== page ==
Cervicitis in Teens: Care Instructions

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Your Care Instructions

Female pelvic organs

Cervicitis (say "ser-vuh-SY-tus") is an inflammation of the cervix, the lower part of the uterus that opens into the vagina. Cervicitis is most often caused by an infection. Some women develop cervicitis after getting a sexually transmitted infection (STI), such as gonorrhea or chlamydia. Lab tests can help your doctor learn what caused your cervicitis.

Untreated cervicitis can cause serious health problems. You may need a follow-up test to make sure that any infection is gone.

Follow-up care is a key part of your treatment and safety. Be sure to make and go to all appointments, and call your doctor or nurse call line if you are having problems. It's also a good idea to know your test results and keep a list of the medicines you take.

How can you care for yourself at home?

  • Take your antibiotics as directed. Do not stop taking them just because you feel better. You need to take the full course of antibiotics.
  • If your doctor prescribed antifungal medicine, use it as directed.
  • Do not have sex with anyone while you are being treated. If your treatment is a single dose of antibiotics, wait at least 7 days after taking the dose before having any sexual contact. Even if you use a condom, you may become reinfected.
  • Make sure to tell your sex partner or partners that you have cervicitis, because it may be related to an STI. Sex partners should get tested and then treated if they are infected with an STI, even if they do not have symptoms.
  • Do not douche. Douching changes the normal balance of substances in your vagina.
  • Do not use tampons while you are being treated for cervicitis.

To prevent STIs

  • You should never feel pressured to have sex. It's okay to say "no" anytime you want to stop.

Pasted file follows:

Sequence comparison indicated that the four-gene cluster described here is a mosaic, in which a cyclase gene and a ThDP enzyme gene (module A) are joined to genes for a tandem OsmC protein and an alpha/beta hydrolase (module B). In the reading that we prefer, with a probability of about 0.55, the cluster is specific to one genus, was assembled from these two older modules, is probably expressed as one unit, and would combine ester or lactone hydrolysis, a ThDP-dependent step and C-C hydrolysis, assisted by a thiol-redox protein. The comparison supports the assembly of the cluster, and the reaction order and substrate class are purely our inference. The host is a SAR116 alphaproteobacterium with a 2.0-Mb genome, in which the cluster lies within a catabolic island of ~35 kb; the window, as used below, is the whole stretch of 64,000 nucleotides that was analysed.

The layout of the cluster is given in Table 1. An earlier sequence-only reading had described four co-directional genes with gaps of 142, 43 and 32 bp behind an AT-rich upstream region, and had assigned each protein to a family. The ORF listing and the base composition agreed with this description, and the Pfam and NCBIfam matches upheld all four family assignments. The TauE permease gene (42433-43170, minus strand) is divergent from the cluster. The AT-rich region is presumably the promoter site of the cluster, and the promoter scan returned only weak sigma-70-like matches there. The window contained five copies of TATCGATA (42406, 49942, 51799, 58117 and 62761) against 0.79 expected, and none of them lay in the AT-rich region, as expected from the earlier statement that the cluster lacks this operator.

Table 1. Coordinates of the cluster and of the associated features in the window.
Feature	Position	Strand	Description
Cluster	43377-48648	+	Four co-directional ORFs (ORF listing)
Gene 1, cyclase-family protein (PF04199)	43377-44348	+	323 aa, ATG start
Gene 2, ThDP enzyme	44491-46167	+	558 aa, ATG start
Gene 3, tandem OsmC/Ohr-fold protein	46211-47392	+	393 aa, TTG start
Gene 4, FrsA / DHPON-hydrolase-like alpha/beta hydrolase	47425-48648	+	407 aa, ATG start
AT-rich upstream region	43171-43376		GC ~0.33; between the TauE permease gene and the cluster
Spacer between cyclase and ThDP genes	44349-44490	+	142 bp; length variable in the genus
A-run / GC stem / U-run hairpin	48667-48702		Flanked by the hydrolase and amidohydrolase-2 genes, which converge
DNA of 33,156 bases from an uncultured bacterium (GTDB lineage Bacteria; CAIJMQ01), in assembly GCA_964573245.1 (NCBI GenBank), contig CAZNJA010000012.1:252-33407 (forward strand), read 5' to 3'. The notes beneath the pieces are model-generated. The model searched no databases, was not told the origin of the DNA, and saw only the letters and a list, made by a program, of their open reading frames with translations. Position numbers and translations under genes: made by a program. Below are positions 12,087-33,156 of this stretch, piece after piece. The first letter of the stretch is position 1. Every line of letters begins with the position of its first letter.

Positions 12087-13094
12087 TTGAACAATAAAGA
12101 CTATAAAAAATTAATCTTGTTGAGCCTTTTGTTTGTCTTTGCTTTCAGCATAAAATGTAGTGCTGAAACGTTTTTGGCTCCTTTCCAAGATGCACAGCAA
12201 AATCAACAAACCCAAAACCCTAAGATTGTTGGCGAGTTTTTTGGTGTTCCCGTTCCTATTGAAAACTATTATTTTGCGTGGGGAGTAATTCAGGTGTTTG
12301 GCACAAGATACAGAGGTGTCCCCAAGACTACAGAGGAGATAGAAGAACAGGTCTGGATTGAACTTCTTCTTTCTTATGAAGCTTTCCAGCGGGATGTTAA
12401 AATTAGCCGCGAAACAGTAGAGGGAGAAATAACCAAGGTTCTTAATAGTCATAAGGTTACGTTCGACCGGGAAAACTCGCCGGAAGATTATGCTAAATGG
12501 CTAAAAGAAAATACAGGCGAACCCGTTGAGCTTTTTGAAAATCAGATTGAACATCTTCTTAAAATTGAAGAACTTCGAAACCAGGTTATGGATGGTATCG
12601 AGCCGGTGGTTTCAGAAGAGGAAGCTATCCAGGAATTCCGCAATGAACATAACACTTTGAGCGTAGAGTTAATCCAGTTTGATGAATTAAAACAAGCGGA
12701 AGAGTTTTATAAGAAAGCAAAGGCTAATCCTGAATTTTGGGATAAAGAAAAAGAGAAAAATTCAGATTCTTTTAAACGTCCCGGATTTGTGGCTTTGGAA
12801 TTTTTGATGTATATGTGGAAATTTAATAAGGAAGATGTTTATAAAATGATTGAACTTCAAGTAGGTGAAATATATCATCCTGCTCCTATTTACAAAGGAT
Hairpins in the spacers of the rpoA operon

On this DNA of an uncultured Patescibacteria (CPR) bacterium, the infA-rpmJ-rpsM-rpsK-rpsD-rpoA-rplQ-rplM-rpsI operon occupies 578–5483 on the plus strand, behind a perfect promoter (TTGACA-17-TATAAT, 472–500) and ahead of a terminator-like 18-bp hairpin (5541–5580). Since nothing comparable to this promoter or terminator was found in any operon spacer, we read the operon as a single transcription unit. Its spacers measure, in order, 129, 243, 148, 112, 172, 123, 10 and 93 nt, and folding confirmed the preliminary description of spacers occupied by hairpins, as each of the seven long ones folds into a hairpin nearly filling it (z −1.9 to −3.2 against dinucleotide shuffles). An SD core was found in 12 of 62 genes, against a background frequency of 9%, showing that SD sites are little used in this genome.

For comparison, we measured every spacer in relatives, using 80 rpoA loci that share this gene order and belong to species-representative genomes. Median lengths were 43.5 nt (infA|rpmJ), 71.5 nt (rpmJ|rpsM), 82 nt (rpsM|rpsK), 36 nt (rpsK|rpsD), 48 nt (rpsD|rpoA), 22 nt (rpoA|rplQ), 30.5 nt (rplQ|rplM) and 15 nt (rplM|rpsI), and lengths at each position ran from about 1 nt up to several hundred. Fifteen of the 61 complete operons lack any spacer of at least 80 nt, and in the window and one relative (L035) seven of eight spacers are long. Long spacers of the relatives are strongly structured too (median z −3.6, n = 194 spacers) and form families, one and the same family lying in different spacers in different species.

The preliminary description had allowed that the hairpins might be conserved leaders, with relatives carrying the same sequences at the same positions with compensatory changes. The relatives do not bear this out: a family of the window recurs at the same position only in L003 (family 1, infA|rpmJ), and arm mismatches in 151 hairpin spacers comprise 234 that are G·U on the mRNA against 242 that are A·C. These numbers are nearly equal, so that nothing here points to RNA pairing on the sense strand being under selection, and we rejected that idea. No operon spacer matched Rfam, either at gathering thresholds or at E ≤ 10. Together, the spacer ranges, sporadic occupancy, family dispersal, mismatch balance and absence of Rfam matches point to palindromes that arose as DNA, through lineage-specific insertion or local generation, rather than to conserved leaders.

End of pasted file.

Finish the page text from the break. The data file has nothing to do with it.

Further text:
• It's important to feel safe with your sex partner and with the activities you are doing together. If you don't feel safe, talk with an adult you trust.
  • Use latex condoms every time you have sex. Use them from the beginning to the end of sexual contact. Use a female condom if your partner doesn't have or won't use a condom.
  • Talk to your partner before you have sex. Find out if he or she has or is at risk for any sexually transmitted infection (STI). Keep in mind that a person may be able to spread an STI even if he or she does not have symptoms.
  • Do not have sex with anyone who has symptoms of an STI, such as sores on the genitals or mouth.
  • Having one sex partner (who does not have STIs and does not have sex with anyone else) is a good way to avoid STIs. Not having sex is the best way to prevent any sexually transmitted infection.

When should you call for help?

Call your doctor or nurse call line now or seek immediate medical care if:

  • You have new pelvic pain, or the pain in your pelvis gets worse.
  • You have a new discharge from your vagina.
  • You have a new or higher fever.

Watch closely for changes in your health, and be sure to contact your doctor or nurse call line if:

  • You do not get better as expected.
  • Your symptoms continue or come back after treatment, or you get new symptoms.

Where can you learn more?

Go to https://www.healthwise.net/patientEd

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